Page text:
Did you know that by the time you exit puberty your body typically stops creating fat cells? The fat cells you have into adulthood increase in volume when you gain weight and shrink when you lose it. It’s one of the reasons there’s a difference between fat loss and weight loss.
What Are Fat Cells?
According to Craig Freudenrich, PH.D., fat or adipose tissue is found in different areas of the body. Subcutaneous fat is located just under the skin. Some fat, called visceral fat, can be found on top of your kidneys and in your liver. Even smaller amounts are stored in muscle.
Men carry fat in their chest, abdomen, and buttocks. Women usually carry it in their breasts, hips, waist, and buttocks. Interestingly, science has proven that your body doesn’t typically generate fat cells after puberty. As your body stores fat, the number of fat cells stays the same. The cells just get bigger. Craig Freudenrich raises the theory that there are potential exceptions to this, but in general, the number of fat cells the body has after puberty remain the same into adulthood.
How Do Fat Cells Accumulate?
It’s all about diet, right? You are what you eat! Well, not entirely.
ScienceBlogs’s Ed Yong covers the emerging science of obesity and the new understanding of fat cells stemming from studies. A study conducted by Kirsty Spalding from the Karolinska Institute in Sweden found that people with more body fat had larger fat cells both in their subcutaneous and visceral (belly) fat. The study found that the number of fat cells a person has is set during childhood. Each year, roughly 8% of their fat cells die off and are replaced.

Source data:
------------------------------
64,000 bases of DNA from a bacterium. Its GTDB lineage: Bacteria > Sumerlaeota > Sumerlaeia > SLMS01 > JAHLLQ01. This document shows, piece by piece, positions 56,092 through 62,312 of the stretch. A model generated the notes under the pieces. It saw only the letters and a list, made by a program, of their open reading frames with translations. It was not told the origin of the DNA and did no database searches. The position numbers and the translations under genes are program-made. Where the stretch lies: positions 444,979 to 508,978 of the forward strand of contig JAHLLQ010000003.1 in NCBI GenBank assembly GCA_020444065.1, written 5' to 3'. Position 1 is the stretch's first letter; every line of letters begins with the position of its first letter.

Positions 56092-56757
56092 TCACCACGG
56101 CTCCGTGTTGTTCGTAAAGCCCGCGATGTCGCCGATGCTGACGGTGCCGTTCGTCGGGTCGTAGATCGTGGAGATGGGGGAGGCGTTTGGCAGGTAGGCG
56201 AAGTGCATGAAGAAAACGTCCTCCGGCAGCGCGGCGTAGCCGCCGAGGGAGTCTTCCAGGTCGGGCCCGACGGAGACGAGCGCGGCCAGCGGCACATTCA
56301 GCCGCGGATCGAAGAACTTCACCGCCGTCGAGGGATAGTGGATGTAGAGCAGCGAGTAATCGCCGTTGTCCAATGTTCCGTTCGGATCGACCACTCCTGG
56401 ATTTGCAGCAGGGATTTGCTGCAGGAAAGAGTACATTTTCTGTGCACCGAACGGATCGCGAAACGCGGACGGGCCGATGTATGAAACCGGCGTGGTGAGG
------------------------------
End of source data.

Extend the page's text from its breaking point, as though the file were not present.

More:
The obese subjects in Spalding’s study included people who were obese from an early age. Interestingly, most of them grew up to be obese. Approximately 75% of obese children become obese adults.
Once fat cell counts are set during childhood, there isn’t a change in adulthood unless a significant event triggers fat cell production. The exact reasons for childhood obesity vary, and sometimes, they have little (or nothing) to do with diet and activity levels.
How Do You Get Rid of Fat Cells?
As weight is lost, fat cells shrink, which is why a person who loses weight begins to look thinner or smaller. If the accumulation of fat cells has little to do with diet and exercise, then it stands to reason losing fat isn’t all about diet and exercise. While adopting a healthy lifestyle is without a doubt a key factor to losing weight and seeing the number on the scale drop, it’s not the only contributing factor to losing fat.
Your body will naturally break down fat, but the number of fat cells will remain the same. Maintaining a healthy weight generally requires:
- Eating a balanced diet of carbohydrates, fat, and protein
- Avoiding overeating (a daily diet of 1,500 to 2,000 calories is usually sufficient)
- Regular exercise
While your body will naturally burn fat for energy, sometimes it doesn’t burn it where you want. This is where targeted fat loss strategies based on the science we just covered come into the picture.
Fat Loss (and Reduction) Strategies
Diet and exercise-resistant fat can be treated in multiple ways. For people trying to rid themselves of fat in hard-to-target areas, body contouring procedures have provided a non-invasive and non-surgical solution, depending on their body and goals.
CoolSculpting and Body Contouring
Our “go to” fat reduction treatment is CoolSculpting, which we many times combine with Exilis Ultra to generate the best possible results of fat reduction and skin tightening.
We also specialize in the use of Exilis Ultra, Kybella, and SculpSure for body contouring and skin tightening needs. You’ll need to schedule a consultation to find out if you are a candidate for one of these body contouring treatments.